Don’t let secularists own philosophy and free speech

The teaching of religion could be so much more than simple catechism, says Sarah Carey

Last year as my eight year old son approached his First Holy Communion, he made a confession to me one night.

He announced solemnly that he didn’t believe in God. When I asked him why, he said that reflecting on Augustinian theodicy had created severe doubt in his mind. Well, those weren’t his precise words. He said if God existed, he wouldn’t have allowed Hitler to be born. This neatly sums up the problem of evil, a conundrum that many great philosophers, most notably Augustine himself, grappled with. If one believes in an omnipotent, interventionist God, then why is there so much suffering? Why does he allow it to happen?

He clarified that Satan clearly existed, because of the prevalence of evil in the world. But added that this meant that, “Jesus was just a regular story teller”. I suggested that while this may be the case, Jesus was nevertheless a good person, and living one’s life according to the morals of his stories was a good idea, irrespective of his status. He agreed this was a reasonable approach but was adamant that there couldn’t be a God who was an alleged father of the Son. Firm in his conviction now, having tested the theory on his mother, he expressed a determination to share his philosophical discovery with his older brother.

Having maintained what I considered to be admirable calm to this point, I became a little alarmed. When he had previously questioned the existence of a mythical figure, in that case, Bigfoot, there was a terrible scene.  “But you haven’t seen the Johnson Tapes!” wept his more compliant sibling. But my caution only spurred him on and the brother was duly sent for to be informed of this shift in the foundation of their world.


Before the news was broken I told them the subject under scrutiny was a matter of opinion and without proof either way, there should be a respectful conversation. I authorised the new atheist to proceed on the basis that all sentences began with “in my opinion”. It seemed to go well as the elder sibling looked impassive as the younger explained his logic.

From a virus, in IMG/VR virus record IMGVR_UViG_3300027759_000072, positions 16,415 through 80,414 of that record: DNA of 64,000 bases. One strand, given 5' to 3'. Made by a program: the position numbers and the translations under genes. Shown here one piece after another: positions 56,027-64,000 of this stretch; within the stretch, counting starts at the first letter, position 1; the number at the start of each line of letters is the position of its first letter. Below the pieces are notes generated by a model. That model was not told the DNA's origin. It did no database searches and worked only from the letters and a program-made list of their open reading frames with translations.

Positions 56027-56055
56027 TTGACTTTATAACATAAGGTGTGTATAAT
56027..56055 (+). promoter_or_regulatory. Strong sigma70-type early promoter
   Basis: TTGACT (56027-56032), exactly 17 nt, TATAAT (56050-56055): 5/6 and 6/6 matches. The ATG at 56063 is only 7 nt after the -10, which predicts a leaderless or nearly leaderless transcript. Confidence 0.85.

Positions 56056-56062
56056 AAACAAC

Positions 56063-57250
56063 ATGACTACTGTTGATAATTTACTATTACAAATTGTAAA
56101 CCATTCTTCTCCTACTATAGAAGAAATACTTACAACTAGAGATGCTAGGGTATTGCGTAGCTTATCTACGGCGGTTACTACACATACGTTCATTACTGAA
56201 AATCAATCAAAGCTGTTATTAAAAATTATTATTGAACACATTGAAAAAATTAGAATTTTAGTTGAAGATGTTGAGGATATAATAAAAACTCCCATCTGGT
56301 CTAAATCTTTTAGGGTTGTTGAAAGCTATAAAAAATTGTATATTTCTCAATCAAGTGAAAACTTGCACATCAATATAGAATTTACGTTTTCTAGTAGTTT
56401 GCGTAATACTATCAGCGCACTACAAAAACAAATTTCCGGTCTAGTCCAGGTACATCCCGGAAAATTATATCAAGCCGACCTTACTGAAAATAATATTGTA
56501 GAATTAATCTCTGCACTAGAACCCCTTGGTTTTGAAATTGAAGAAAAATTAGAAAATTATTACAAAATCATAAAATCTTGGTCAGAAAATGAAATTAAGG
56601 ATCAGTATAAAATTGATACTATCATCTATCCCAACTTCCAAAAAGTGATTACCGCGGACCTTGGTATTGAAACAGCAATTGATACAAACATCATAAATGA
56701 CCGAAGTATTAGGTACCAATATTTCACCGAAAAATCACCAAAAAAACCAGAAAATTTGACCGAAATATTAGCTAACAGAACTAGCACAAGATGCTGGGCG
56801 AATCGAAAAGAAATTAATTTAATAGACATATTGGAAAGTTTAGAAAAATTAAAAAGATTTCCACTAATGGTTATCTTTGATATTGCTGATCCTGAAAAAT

There was a slight wobble when the opportunity for refutation was offered to the senior sibling who began well with “In my opinion” but concluded, “you’re an idiot”. I intervened to insist that there be no name-calling. He then attempted to draw on moral support observing that “teacher says there’s a God” and furthermore “millions of people believe in God”.


“But millions don’t” retorted the atheist. At last the believer was forced to think more carefully and presented the problem of creation. A scholar of evolution, he felt confident in suggesting that its perfection could not be attributed to mere accident and the work of a Creator had to be acknowledged.

At last was the atheist’s conviction rattled, though he did not break and suggested that he shouldn’t really get his Communion if he didn’t believe. I said, “Well, if you don’t get your Communion now, you can never get it – and you might change your mind about God. If you get your Communion now, you’ll always have a choice”. He was persuaded by this, and between that and the prospect of losing a good day out, he went ahead.

I was very proud that he had the independence of mind to articulate his own discovery of an ancient philosophical problem and together he and his brother had learned how to debate without falling out.

But their imagination and ability to think independently and deeply about faith made me sorry that there is little scope for this method of enquiry and learning in school. The teaching of religion, the object of scorn, by secularists, could be so much more than simple catechism and the logistics of receiving and learning prayers.

Lively debate

The children are clearly well able for philosophical enquiry. A lively debate would not only teach them how to debate, a key skill for any person, but would encourage rather than restrict reflection on the Big Issues. It would open up the possibility that ‘religion’ doesn’t necessarily equal Mass and confession and being bored, but a quest to work out an ethical system of living and the mysteries of life. Faith could then be an answer to a problem, rather than an imposed solution to be rejected.

Politically, I think it would be smart if open debate in school came from the Church. It would show that Catholics are open and unthreatened by discussion and indeed, the perfect riposte to those who think being part of a Church is all about indoctrination and hierarchy.

Don’t let secularists and atheists own philosophy and free speech. We can have it too.  Pondering the mysteries of life is great at any age.